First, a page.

The Biennale is extremely important because it has become a leader in Middle Eastern art, it brings artists together, and it introduces modern art to the Egyptians, who do not seem to have a real appreciation for commercial modern art. The German artist continues, "In Cairo sadly, there is no art market as is understood internationally. There are dealings in antique paintings and in some key works by established Egyptian artists. Young artists cannot rely on selling work to earn any kind of decent living" (Elkoussy 5). There are some private galleries, and there is some support of young artists by the government and by charitable organizations in the area, but the Biennale has become the showcase for young Middle Eastern artists hoping to showcase their works and gain international attention.
Several internationally known artists included their works in the 2009 Biennale. An interesting multimedia project by Spanish artist Anja Krakowski included moving soundtracks and given and appropriated images to interpret her ideas about "The Other." She writes, "That is [the] reason why I have chosen to base my work on appropriated materials in order to let the others speak (for me)" (Krakowski). Another artist well-known to the Biennale is Lara Baladi, who exhibited her "Borg El Amal" (Tower of Hope, 2008) during the exhibition. A critic writes it was "An ephemeral construction and sound installation placed, like a tarantula on a birthday cake, in the manicured gardens of the city's opera house. A red-brick structure mimicking half-finished Cairo residential housing, it rose nine ruinous metres in spite of itself" (Larsen). This indicates there are both indoor and outdoor pieces on view for the Biennale, taking art to the streets of Cairo as well as the galleries.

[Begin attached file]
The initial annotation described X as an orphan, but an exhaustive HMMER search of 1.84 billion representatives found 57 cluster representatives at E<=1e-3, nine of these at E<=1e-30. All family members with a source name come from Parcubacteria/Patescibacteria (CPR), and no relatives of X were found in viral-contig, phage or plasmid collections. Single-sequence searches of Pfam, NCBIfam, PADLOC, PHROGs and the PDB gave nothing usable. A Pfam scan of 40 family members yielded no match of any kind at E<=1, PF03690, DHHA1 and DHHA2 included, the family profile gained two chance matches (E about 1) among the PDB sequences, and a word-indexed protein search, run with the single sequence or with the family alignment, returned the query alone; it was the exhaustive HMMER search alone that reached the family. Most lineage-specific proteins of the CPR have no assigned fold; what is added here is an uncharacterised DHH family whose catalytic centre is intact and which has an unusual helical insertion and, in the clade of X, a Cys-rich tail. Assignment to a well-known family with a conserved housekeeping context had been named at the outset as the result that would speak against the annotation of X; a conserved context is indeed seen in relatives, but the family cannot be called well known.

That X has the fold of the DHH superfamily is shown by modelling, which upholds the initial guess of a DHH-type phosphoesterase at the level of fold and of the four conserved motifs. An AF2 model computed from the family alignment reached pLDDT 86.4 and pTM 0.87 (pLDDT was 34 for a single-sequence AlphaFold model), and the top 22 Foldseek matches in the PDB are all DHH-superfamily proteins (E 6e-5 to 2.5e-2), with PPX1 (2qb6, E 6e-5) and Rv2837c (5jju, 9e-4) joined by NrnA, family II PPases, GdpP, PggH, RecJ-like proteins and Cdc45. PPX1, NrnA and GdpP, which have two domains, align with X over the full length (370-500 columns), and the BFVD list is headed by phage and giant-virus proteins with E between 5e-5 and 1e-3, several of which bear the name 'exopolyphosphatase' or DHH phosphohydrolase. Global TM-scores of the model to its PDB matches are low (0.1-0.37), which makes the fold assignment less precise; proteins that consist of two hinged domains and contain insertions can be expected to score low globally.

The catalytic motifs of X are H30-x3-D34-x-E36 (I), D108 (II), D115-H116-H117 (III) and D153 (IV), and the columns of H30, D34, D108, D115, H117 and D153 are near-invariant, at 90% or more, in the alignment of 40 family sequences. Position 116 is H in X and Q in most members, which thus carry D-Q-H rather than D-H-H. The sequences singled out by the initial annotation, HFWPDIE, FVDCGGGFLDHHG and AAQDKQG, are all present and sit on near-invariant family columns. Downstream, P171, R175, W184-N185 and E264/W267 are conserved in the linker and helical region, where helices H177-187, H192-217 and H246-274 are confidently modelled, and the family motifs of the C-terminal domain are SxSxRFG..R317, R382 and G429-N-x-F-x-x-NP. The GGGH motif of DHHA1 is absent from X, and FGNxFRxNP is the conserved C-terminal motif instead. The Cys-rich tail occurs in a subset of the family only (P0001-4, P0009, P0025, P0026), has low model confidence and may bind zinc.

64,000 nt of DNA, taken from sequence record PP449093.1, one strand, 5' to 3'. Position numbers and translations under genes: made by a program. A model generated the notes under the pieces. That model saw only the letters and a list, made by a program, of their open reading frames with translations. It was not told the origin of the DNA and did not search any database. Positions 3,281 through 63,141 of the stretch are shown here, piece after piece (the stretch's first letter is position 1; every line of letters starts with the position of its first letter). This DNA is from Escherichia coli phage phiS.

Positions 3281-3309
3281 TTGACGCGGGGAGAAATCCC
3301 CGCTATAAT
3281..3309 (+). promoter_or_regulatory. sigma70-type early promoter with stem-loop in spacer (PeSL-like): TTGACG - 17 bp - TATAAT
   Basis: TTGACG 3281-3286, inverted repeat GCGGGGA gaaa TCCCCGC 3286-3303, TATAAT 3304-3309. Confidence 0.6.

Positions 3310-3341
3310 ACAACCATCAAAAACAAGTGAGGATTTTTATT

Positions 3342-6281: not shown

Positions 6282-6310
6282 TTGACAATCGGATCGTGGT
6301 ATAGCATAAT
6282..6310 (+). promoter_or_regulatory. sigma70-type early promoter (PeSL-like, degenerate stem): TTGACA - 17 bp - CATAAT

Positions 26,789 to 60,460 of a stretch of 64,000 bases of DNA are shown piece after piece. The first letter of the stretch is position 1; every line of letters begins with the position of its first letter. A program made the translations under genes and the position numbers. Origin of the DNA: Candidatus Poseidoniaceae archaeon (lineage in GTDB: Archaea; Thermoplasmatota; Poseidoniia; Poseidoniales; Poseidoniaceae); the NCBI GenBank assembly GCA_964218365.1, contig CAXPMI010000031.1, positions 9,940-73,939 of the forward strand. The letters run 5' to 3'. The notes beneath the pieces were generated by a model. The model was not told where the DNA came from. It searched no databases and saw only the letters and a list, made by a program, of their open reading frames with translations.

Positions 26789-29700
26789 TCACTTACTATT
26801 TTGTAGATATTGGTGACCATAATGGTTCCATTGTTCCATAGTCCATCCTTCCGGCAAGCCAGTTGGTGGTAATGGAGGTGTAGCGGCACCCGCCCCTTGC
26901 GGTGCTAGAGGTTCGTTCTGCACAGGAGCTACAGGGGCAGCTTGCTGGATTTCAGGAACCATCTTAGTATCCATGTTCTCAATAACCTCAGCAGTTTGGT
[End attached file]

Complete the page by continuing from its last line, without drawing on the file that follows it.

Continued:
Of course, the Biennale would not be an art show without awards. Each Biennale offers a "Best in Show" ...
Many people questioned the meaning of the theme of the "The Other," and the Biennale committee explained their choice this way, "The other becomes then both the self and the surrounding others. Our other can also be seen as a subtraction of a local culture, with all its specificities, from the universal culture that contains numerous cultures in cumulative patterns" (Editors). The stressing of universal culture is important, because it indicates a global approach to art that is becoming more common and popular. However, not all Egyptian artists feel the Biennale is right for them. Artist "Some artists are choosing to opt out. They do not take part in shows that put them under an umbrella of a defined identity" (Elkoussy 10). They feel they are still marginalized in many group shows, and so they choose to go it alone, often in another country, where their artwork is more recognized and accepted. As a critic notes, "Something similar holds true for biennials: they need to take the long way home in terms of curatorial effort, in order to become something more than official solutions to political needs. It's a fact that the Cairo Biennale seems to be waking up to" (Larsen). There have been critics who complain about the politics and cronyism of the exhibit, and wish that a government ministry would hand over the management to an arts organization (Elkoussy 4).